Unifying Life Site: Placing Urban Tree Diversity in an Evolutionary Context

Welcome to Unifying Life, a curriculum to help middle school students learn about the street trees that they see daily. Kids walk by trees and other plants every day and many cannot identify a maple or an oak. This curriculum uses Leafsnap (www.leafsnap.com), a cutting edge iPhone tree identification app to help students through careful observation:

  1. Notice and identify local trees.
  2. Group local trees into groups based on relatedness.
  3. Understand that related individuals in a group are similar because they share characteristics that are a result of common ancestry or shared evolutionary history.
  4. Understand evolutionary constraint, meaning that organisms cannot change characteristics based simply on need.
  5. Learn that most street trees have flowers and fruits, even if they do not notice them and that street tree fruits are fruits, just like the fruits students eat at home.
  6. Learn that flowers become fruits and that they are reproductive structures for fertilization and seed dispersal.

To match the life cycle of local trees, the curriculum is divided into sections, the fall, and spring, each lasting about two weeks. The fall curriculum focuses on identification, grouping, common ancestry and fruits. The spring curriculum focuses on grouping, common ancestry, and flowers. 

Curriculum Guide, Fall and Spring Curriculum Components

If you do not have access to the Leafsnap app, you can still use this curriculum, but you will need to use a traditional field guide. The curriculum is designed for use in the regions of North America with deciduous trees.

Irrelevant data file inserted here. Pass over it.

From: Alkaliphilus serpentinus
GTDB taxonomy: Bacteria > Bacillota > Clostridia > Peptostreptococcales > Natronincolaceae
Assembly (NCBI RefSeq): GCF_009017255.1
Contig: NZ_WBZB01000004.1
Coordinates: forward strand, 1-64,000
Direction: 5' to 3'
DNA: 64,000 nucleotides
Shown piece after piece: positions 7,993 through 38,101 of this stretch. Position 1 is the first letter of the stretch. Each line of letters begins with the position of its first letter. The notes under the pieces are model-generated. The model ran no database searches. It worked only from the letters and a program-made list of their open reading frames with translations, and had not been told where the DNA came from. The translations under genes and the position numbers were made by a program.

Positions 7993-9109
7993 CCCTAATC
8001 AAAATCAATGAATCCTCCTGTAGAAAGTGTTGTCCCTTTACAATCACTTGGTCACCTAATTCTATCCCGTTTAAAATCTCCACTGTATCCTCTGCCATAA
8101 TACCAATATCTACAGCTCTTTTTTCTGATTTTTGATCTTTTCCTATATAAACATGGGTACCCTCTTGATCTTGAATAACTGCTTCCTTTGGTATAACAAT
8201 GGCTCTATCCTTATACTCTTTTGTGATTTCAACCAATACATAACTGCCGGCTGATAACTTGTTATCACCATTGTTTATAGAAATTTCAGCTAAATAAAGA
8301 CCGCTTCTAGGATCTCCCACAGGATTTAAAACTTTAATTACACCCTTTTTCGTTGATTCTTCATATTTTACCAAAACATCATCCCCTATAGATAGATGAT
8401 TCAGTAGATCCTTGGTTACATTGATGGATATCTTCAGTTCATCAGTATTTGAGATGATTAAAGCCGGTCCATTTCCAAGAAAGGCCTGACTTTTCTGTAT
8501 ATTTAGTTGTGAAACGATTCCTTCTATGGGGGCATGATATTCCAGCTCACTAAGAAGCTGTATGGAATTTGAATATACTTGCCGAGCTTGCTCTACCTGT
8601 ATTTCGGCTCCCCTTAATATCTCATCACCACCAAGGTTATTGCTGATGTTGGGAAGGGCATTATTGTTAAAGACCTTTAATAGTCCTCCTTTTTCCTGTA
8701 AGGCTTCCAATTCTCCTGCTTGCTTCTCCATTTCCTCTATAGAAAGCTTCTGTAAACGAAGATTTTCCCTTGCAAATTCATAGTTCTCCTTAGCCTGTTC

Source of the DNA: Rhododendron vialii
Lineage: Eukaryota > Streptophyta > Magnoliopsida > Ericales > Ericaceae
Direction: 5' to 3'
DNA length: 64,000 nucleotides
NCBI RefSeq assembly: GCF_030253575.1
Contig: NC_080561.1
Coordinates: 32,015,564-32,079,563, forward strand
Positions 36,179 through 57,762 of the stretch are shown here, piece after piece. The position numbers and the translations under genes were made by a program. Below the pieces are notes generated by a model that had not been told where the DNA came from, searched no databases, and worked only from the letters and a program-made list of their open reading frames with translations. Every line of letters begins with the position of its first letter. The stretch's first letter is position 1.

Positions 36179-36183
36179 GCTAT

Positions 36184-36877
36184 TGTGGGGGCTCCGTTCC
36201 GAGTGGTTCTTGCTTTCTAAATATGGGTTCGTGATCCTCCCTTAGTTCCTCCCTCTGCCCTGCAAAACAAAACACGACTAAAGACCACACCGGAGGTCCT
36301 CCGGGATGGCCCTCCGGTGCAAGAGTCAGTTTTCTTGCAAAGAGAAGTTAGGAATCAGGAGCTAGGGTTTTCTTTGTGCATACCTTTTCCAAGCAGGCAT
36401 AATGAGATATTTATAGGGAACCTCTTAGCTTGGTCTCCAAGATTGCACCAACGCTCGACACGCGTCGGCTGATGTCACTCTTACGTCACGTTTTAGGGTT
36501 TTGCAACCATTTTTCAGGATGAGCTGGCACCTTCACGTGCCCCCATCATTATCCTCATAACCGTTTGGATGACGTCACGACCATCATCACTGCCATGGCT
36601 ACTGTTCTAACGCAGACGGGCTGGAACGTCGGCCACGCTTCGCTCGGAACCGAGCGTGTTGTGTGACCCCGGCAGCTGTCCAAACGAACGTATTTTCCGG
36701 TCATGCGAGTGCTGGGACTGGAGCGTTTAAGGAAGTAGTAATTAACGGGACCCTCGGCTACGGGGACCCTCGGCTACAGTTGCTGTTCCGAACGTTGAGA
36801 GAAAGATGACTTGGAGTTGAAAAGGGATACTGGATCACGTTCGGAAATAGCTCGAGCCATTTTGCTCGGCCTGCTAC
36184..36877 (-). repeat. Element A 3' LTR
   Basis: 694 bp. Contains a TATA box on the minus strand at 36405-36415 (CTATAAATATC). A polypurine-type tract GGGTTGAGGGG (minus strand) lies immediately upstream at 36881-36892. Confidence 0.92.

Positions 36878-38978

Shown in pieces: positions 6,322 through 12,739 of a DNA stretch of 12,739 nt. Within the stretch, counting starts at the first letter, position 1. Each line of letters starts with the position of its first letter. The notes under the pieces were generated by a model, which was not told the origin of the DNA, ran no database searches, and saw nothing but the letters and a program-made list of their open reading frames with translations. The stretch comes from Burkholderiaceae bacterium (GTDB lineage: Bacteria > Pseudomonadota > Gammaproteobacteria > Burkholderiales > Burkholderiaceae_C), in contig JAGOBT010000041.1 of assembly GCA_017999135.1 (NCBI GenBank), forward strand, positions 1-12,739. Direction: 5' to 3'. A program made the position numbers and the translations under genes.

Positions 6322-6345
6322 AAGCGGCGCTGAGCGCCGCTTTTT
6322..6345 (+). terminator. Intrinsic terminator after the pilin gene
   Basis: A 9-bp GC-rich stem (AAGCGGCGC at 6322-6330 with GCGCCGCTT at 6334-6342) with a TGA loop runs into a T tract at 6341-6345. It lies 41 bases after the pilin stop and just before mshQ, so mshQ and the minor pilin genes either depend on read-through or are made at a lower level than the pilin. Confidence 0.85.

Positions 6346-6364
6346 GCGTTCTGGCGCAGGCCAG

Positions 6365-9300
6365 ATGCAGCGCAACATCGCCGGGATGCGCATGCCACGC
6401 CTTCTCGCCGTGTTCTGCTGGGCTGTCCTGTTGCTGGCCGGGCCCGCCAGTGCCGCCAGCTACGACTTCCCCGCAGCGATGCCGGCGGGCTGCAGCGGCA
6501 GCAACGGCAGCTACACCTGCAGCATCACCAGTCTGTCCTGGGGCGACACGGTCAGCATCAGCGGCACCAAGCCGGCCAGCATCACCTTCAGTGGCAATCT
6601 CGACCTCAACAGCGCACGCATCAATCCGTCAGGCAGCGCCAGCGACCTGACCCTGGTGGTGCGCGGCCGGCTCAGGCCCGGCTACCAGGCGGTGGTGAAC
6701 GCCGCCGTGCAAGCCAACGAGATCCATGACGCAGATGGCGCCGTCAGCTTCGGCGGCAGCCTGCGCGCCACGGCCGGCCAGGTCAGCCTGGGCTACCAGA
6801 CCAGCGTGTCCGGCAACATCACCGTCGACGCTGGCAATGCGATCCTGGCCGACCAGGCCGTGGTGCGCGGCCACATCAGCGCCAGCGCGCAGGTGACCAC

This work was funded by NSF Grant # 1221188. Any opinions are those of the authors and not of the NSF. 

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Paradise apple (Malus pumila) flower

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Paperbark maple (Acer griseum) leaf

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Students identifying street trees with the Leafsnap app

"But we walked all the way down the street talking about the trees and Leafsnapping them, and then on the way back, I could point to one and they would yell out the name so proud that they knew—they could recognize something. And yeah —it was a great moment in sixth grade, just the enthusiasm that they showed that they had never shown towards trees probably in their whole life. Now suddenly, they're noticing them."

Statement from a 6th grade teacher

About Us

A team headed by Professor Yael Wyner in Secondary Education at the City College of New York, part of the City University of New York and Dr. Janice Koch (Professor Emerita Hofstra University) developed this curriculum. Team members include Jessica Genter and Renee Thorne, now middle and high school teachers in New York City and Sarah Seiter, now Associate Curator of Natural Sciences at the Oakland Museum. In addition, we made changes to the curriculum based on insights from student assessments that were part of a study on the curriculum conducted by Dr. Wyner and Dr. Jennifer Doherty from the University of Washington in Seattle. Finally, the curriculum would not be in its present form without the help of the fifteen middle school teachers who tested the curriculum in their classrooms. They provided valuable suggestions and modifications that are incorporated into the final curricular product.

Last Updated: 12/16/2019 10:25